By Sue Cross
a glass of warm milk
The gas lamps had been extinguished and the last glowing embers from the log fire had offered the last vestiges of comfort. Pulling a shawl around my shoulders, I shivered as I walked up the two flights of stairs to my attic room. Outside a storm was brewing. It had been a wet, dreary day and my back ached from polishing the mistress’s brass and silver. I glanced at the clock. Half past ten. I would be up again at five and so I slid between my cool sheets and blew out the candle.
I was just dozing off when a loud bang coming from the room next to mine made me jump. What could it be? The room had not been occupied since Betty, the other housemaid, had left to get married.
I missed Betty. I missed her cheerful countenance, her jokes and her tall tales. To me she seemed to have a charmed life and good luck stuck to her like damp leaves on muddy boots. She had met Jake, a good looking horse trader, at the market and had decided to leave all behind and elope with him. He promised her an exciting life and I had to admit that I was a little jealous. My only child and then my husband had died of tuberculosis, leaving me in a state of poverty. I was resigned to a life of service. It could have been worse, I suppose. I worked for the Fergusons, a kind couple who treated their staff well.
Bang. There it was again. Wondering whether or not to investigate, I shivered and pulled the blankets around my shoulders. I wondered if a window had been left open. Outside the wind whistled around the house like ghostly chants. The banging was now persistent and so I forced myself to get up. Lighting my candle again, I noticed that my hands had started to tremble so I told myself to stop being so timid and just go and shut the window.
Betty’s room was identical to mine and was simply furnished with a small iron bedstead, a chair, a rag rug and a washstand. It was a cheerless room with an embroidered picture stating: Home Sweet Home. I hurried over to the window and at that moment the sky lit up with a fork of lightning so everything in the room became starkly visible. To my surprise, the window was bolted shut. So what could the noise have been?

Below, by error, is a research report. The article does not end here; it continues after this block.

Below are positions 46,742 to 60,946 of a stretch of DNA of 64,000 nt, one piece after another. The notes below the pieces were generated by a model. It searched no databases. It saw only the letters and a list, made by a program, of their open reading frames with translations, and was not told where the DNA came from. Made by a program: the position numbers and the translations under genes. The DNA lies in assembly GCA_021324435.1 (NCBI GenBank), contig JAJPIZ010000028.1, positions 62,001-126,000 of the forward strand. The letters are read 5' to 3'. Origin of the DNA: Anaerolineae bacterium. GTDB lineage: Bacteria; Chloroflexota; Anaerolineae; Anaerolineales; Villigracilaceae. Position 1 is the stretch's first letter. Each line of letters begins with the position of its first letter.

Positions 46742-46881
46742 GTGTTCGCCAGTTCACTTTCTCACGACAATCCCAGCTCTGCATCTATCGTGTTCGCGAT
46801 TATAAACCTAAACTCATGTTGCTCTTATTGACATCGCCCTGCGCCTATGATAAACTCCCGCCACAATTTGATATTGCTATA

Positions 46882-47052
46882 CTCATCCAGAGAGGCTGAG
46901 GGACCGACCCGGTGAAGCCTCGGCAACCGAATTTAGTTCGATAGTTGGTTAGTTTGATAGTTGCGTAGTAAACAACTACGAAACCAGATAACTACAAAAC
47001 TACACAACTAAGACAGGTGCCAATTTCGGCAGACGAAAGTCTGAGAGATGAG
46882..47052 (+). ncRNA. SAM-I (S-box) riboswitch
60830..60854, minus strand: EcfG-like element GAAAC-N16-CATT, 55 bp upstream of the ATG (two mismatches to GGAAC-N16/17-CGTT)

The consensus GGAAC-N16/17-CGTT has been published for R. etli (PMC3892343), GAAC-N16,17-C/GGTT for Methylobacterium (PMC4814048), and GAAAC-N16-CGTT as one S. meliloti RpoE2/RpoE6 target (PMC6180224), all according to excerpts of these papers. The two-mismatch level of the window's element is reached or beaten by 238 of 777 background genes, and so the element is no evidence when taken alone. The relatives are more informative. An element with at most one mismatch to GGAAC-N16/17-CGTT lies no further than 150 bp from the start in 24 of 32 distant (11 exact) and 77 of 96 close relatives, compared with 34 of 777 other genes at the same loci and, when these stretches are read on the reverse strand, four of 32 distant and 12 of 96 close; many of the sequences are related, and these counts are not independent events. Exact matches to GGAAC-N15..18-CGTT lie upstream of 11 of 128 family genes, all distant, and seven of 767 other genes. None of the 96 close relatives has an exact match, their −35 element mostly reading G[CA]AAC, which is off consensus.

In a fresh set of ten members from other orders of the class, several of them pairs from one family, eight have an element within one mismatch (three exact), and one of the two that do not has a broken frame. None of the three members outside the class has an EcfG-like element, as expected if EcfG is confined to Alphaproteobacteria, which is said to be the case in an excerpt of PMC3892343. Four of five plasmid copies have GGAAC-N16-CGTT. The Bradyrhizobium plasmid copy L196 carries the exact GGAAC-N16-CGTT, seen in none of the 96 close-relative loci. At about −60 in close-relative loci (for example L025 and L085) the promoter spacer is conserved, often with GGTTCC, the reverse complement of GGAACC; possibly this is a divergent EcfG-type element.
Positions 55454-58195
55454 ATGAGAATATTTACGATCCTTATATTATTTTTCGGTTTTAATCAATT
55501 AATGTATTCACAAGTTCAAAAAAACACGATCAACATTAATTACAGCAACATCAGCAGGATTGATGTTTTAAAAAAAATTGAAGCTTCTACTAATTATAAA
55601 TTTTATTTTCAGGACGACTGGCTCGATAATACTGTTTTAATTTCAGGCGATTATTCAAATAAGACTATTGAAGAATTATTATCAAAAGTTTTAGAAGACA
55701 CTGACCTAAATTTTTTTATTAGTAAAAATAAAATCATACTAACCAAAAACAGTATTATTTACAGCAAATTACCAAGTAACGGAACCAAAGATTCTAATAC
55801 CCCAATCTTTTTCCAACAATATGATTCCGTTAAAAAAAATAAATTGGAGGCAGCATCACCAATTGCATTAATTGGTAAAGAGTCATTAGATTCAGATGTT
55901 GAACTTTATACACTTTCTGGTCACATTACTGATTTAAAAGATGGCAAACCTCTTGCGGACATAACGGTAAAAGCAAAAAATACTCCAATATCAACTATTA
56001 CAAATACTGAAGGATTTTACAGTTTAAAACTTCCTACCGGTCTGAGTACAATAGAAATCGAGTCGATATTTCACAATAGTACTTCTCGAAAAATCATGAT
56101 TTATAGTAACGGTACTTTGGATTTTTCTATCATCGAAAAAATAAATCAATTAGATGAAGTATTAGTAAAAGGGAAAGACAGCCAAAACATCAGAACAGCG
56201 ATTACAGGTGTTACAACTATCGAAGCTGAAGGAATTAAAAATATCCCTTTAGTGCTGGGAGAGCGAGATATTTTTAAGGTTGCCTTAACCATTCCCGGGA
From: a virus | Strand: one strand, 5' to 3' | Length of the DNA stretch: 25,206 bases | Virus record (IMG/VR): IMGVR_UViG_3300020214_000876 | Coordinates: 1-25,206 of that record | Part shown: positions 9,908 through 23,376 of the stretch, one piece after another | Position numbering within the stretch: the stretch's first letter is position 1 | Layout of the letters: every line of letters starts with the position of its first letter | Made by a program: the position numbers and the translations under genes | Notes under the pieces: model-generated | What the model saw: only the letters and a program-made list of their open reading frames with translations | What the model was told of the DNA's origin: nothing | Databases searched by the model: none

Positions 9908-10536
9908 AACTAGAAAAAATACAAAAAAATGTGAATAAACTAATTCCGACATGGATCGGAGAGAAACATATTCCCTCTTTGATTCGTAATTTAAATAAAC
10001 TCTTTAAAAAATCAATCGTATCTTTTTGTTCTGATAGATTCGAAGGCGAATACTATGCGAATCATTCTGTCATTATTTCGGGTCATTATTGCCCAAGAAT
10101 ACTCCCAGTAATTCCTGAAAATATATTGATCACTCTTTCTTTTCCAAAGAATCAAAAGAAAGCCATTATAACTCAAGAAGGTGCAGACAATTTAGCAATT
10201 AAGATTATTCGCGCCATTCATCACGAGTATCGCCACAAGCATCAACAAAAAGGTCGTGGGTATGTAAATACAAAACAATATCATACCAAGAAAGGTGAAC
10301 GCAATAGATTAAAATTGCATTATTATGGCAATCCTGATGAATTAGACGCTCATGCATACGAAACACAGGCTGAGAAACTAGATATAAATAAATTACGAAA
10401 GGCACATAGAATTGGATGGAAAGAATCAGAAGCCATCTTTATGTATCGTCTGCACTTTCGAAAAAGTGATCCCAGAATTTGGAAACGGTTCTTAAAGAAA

I jumped as a clap of thunder seemed to shake the house. In my sleepy state I must have imagined that the window was banging when in fact it was the thunder that had been causing such a racket. Feeling a mixture of exhaustion and relief, I returned to my room to catch up on some much-needed sleep. The storm seemed to have abated and I was about to blow out the candle when I was alerted to something on my bed. It moved and then I heard a feeble whimper.
It was a baby.
I bit the back of my hand in shock. Then I noticed a piece of paper pinned to the baby’s shawl. With shaking hands I read:
I have left my baby in your care as I know you will do the right thing. He was born out of wedlock as Jake has disappeared without a trace. I am desperate. Please pray for me.
I read it again in disbelief and wondered what to do next. Betty had left no forwarding address and she had never mentioned any relatives. My mind was buzzing with unanswered questions: how did she get in, did she hide somewhere, how did she keep the baby quiet, where was she now?
Tentatively, I reached out and picked up the tiny bundle. It looked at me, sighed and went to sleep - but not for long. I was just dozing off when the infant began to wail. It must have been hungry. Lighting my candle again, I crept downstairs to the basement kitchen hoping that the baby’s cries would not wake the household. I found some milk that I warmed and, using a clean rag, soaked it in the milk and put it to the baby’s mouth. It sucked gratefully and the crying stopped.
When dawn broke and a watery sun crept through the sky, I arose. I knew what I had to do.
I cleaned the grates, swept the floors and carried on with my early morning household chores as if nothing had happened. At breakfast, cook seemed to be inspecting me with a curious air.
“You all right, girl?” she asked.
“Yes, fine. Why?” I hoped that she had not heard the baby.
“You look done in. Storm keep you awake did it?” she asked.
“Yes, it was a bad one. Must get on. Has the mistress finished her breakfast?”
I asked the lady’s maid.
“She’s in the morning room. Why?”
“Just wondered. I need a word with her.”
“I knew something was wrong. You in trouble?” Cook asked.
I excused myself without answering her and went to my room where the baby was just stirring. I quickly changed my apron, and, taking the baby, hurried into the morning room, where Mrs Ferguson was sitting a her desk writing something. Her fair hair was piled up on her head and she wore a pale blue dress with a white lace colour. She glanced up, surprised to see me.
“Emily. Why do you have a baby?”
I explained everything to my mistress who nodded in silent sympathy.
All’s well that ends well, I suppose. I was concerned that the baby, who has been named George, would be sent to an orphanage. I forgot to mention that the Fergusons are childless. Not any more though. After failing to trace Betty, they have adopted George and I have been promoted to nursemaid.
It seemed as if Betty had lost her lucky streak but George has inherited it. He will live a charmed life.
About the author
Sue Cross is an award winning short story writer who has published two novels, Tea at Sam’s and the sequel, Making Scents. Please visit her on www.suecross.com